The November 2005 issue of ACM Queue is their Social Computing issue with a main article from a team at IBM who are testing social bookmarking within the enterprise.
Social Bookmarking in the Enterprise, by David Millen, Jonathan Feinberg, and Bernard Kerr, IBM
Social bookmarking tools are taking off on the Web. Do they have a place within the enterprise, too?
Socially Acceptable Behavior (editorial) by Charlene O'Hanlon, ACM Queue
Social bookmarking is a technology whose time has come.
The piece from IBM covers some of the history of individual bookmarking studies and the basics of social bookmarking and why it might be interesting for internal discovery processes. Their software, called dogear, is a souped-up version of del.icio.us. Since the system is internal, they have the convenient ability to integrate with other in-house efforts, like their people databases and search engines. In navigating through bookmarks, one can link through to the profiles of the employee who created the link or other employees who have linked to an item. They also suggest that internal search results can be customized to include results from dogear. The other feature of dogear, like del.icio.us, is its extensibility. In their trials with a few hundred people, some of them have started developing their own uses for the data - exactly what they'd like to see.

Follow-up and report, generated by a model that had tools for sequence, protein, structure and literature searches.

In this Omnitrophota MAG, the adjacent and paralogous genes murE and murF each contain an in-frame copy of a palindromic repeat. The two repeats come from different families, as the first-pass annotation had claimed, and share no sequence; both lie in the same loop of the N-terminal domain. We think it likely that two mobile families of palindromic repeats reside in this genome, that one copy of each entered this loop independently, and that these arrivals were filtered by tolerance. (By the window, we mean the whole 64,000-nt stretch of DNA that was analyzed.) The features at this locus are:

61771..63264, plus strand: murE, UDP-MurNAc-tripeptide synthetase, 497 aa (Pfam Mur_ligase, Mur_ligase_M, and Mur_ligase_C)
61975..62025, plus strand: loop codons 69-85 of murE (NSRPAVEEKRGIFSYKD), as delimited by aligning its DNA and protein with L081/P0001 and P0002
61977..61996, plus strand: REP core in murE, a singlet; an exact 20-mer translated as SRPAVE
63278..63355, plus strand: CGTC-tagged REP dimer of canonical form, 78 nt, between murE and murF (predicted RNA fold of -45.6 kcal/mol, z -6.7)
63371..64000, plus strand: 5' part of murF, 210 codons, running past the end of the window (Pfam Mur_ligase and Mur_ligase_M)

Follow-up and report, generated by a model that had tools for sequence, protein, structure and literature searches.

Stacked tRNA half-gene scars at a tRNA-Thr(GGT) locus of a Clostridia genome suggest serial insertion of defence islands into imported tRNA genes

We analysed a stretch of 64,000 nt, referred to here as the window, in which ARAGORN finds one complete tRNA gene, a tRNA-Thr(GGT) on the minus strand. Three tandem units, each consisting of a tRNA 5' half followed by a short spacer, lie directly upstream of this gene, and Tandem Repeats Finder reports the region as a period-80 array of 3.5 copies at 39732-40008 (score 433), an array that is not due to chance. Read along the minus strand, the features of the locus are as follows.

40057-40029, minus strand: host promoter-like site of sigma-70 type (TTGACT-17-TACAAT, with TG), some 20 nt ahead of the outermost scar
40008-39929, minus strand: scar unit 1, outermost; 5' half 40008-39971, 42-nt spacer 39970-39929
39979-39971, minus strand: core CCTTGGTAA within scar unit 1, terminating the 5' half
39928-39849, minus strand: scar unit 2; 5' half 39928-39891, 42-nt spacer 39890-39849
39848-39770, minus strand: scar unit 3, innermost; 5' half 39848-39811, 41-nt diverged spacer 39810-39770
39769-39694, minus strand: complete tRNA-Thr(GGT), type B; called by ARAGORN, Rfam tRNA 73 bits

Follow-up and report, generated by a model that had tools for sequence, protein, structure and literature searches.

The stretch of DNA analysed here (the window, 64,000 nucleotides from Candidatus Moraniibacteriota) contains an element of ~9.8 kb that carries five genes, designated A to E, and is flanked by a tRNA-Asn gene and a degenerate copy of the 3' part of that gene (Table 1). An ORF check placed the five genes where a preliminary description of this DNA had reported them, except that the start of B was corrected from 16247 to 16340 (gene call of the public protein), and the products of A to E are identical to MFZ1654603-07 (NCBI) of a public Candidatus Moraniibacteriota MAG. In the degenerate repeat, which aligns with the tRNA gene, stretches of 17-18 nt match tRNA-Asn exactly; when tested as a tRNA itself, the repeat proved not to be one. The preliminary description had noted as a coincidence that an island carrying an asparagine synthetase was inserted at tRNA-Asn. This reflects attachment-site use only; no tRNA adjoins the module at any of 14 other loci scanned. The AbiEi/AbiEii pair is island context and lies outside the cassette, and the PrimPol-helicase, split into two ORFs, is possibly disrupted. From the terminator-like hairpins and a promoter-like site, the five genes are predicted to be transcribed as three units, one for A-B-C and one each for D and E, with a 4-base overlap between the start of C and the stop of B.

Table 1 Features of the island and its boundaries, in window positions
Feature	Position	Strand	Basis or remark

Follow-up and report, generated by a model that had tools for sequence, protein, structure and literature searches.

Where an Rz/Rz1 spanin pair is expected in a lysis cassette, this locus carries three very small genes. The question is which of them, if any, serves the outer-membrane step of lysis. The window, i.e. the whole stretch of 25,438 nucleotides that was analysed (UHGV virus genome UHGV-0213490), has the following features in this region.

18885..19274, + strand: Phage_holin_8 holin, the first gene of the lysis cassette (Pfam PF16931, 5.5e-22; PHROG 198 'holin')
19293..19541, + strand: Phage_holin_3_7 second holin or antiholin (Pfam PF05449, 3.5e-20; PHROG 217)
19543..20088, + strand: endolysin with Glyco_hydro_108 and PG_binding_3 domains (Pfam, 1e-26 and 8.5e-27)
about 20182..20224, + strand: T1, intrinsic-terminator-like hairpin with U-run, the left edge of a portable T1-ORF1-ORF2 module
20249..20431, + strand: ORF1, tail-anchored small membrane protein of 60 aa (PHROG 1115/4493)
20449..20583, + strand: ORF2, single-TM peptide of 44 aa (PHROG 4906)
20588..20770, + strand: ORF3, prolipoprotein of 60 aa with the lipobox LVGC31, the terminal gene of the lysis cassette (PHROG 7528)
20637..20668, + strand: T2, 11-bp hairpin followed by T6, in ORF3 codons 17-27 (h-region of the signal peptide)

In the discussion, they also recognize that different classes and groups of people are going to want to get different information out of the system. To that end, they are thinking about how to integrate (or discover) communities, roles and other aspects into the use of the system. And they want to do this in a way that doesn't get in the way of its primary functionality.
They do mention that there has to be a critical mass of participants, and one would imagine that a technology company the size of IBM should have enough mass to do something.
David Weinberger wrote about dogear a couple weeks ago, IBM shows del.icio.us for the enterprise, and more.